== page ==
Earlier this year the Center for Disease Control and Prevention (CDC) predicted that the burden of Alzheimer’s disease and related dementia (ADRD) in the United States is expected to double by 2060.
It is predicted that Arizona has the second highest growth-rate of of Alzheimer’s disease, with cases expected to climb to 200,000 by 2025.
“My grandmother passed away suffering from two kinds of conditions and one of them was advanced dementia. It impacts many folks here in the U.S. and certainly in Arizona,” Christina Noble, Chief Growth Officer, Sonora Quest Laboratories shared.
Having multiple Alzheimer’s research centers & programs, some would say Arizona is at the forefront of researching the disease.
To help slow the progression of ADRD, multiple organizations have grown their research projects. One is Sonora Quest Laboratory.
The Arizona based integrated laboratory system recently announced a partnership with uMETHOD, a company offering a precision-medicine engine for chronic diseases, to help offer the first platform for Alzheimer’s based on advanced artificial intelligence called RestoreU.
“Alzheimer’s is a disease that has a very large patient base but there are no treatments available that even slow the progression of the disease. We’ve been applying our methodology to patients since 2015,” said uMETHOD CEO Vik Chandra. “When you compare it to patients who [are] on the standard treatment that only provides symptomatic relief, we see our patient bases, three quarters of the patients, do better than the standard of care. [They] actually hold their cognitive steadily or improve.”
According to Noble, the goal of the partnership is to get in front of the disease, identify markers that can show if an individual is predisposed and then help their medical provider present care plans for patients to help slow disease progression and empower individuals and their caregivers with “information around what they could do to help slow the progression.”
The two teams will provide personalized recommendations based on precision-medicine based on artificial intelligence.
Chandra said that precision-medicine helps physicians tailor treatment to the specific characteristics of a patient and the patient’s disease.
“Precision medicine is the opposite of one-size-fits-all medicine,” he said.
Banner Alzheimer’s Institute (BAI), one of the leading researchers for ADRD, announced it would be growing amid the projected surge of Alzheimer’s.
“To support the growing number of people and their families facing this disease, Banner Alzheimer’s Institute is proud to welcome Po-Heng Tsai, MD, the third dementia expert to join the team in recent months,” BAI announced in a statement.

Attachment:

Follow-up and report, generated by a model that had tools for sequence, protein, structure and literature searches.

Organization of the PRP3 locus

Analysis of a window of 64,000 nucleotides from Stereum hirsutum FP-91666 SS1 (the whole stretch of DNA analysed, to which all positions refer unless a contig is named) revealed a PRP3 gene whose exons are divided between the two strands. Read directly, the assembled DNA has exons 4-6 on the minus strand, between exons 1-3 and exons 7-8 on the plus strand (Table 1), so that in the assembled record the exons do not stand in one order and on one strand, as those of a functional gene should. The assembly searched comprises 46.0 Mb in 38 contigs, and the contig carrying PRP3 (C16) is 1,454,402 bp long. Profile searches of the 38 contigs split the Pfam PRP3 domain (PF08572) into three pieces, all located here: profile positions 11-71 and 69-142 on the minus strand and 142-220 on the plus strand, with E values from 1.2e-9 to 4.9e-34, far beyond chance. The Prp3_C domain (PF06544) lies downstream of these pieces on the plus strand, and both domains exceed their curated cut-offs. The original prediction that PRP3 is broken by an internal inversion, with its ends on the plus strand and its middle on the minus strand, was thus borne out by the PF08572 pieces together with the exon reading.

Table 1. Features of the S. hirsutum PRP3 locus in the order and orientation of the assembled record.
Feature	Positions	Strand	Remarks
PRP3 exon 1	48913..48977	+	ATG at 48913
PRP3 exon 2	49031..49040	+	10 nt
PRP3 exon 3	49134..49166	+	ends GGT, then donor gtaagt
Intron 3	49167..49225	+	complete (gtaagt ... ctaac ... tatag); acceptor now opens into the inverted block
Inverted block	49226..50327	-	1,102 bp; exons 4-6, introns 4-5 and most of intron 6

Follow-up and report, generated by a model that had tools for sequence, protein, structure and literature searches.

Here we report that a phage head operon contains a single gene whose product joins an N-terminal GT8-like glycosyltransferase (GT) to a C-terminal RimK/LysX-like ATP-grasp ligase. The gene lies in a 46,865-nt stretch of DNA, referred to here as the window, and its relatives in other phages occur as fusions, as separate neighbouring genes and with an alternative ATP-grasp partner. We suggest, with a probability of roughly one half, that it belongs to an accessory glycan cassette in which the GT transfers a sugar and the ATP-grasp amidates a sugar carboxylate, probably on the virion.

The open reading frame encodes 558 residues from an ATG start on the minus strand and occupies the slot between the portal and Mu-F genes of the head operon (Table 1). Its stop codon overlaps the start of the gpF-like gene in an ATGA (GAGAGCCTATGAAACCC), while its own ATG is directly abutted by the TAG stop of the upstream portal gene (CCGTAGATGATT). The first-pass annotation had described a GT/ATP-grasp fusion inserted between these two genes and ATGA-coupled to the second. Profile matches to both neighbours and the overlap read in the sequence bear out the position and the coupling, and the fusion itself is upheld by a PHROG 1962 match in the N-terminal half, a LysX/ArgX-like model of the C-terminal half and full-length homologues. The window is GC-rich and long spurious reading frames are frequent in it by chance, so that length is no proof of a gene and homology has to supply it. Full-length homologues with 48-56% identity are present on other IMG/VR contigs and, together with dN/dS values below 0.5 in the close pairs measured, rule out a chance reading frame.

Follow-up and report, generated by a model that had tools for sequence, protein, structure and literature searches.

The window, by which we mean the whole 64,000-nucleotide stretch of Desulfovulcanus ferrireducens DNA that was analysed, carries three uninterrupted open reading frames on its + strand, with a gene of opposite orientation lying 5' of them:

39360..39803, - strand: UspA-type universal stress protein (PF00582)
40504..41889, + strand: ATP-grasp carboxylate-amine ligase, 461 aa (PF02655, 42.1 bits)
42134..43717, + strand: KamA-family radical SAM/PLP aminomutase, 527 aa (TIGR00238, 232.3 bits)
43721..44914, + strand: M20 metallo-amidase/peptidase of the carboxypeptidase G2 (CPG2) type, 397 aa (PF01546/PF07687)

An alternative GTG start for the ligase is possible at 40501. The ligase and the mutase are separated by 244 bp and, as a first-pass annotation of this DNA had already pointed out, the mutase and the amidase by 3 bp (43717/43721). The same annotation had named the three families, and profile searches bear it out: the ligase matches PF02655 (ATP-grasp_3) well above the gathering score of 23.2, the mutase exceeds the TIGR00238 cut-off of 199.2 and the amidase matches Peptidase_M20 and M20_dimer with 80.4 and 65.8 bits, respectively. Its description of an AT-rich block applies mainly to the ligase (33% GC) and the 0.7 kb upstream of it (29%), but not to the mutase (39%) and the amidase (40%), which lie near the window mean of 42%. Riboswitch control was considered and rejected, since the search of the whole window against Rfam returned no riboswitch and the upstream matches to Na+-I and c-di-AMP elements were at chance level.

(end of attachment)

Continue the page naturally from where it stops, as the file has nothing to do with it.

The Stead Family Memory Center at BAI is known for providing a multi-disciplinary approach for ADRD. The center has world-renowned memory care experts, a comprehensive portfolio of the latest research and trials, and social workers who help support those facing the emotional toll of the disease.
“BAI’s vision aligned so well with my own philosophy…Dementia and Alzheimer’s requires treating so much more than just the disease, you need to provide support along the entire journey for both the patient and their families,” Dr. Tsai said. “Dementia is a disease that requires a multifaceted approach and this facility delivers just that. I am looking forward to helping new patients through their journey.”
BAI will also be hosting a “Shine a Light on All Dementias” picnic to bring public awareness and reduce stigma in the community. It will be held on Nov. 17 from 4 to 6 p.m. at the Arizona State Capitol (1700 W. Washington Street, Phoenix, Arizona).
November has been Alzheimer’s Awareness Month since President Ronald Reagan designated it in 1983. However, Alzheimer’s has seen a 182 percent increase in deaths in Arizona since 2000 and is the fifth leading cause of death.
The cost of caring for ADRD is estimated to total $277 billion in 2017 and increase by $1.4 trillion by mid-century.
“When an individual develops Alzheimer’s or another form of dementia, they cost their health care provider 4.7 times as much as compared to an individual who does not have dementia,” Chandra said. “There is an opportunity to reduce cost to our health care system for individuals who are at risk of dementia. When we take the necessary steps to help these individuals better manage the disease in the early stages or help them prevent it, there are significant financial benefits to the government as well as to the private payers.”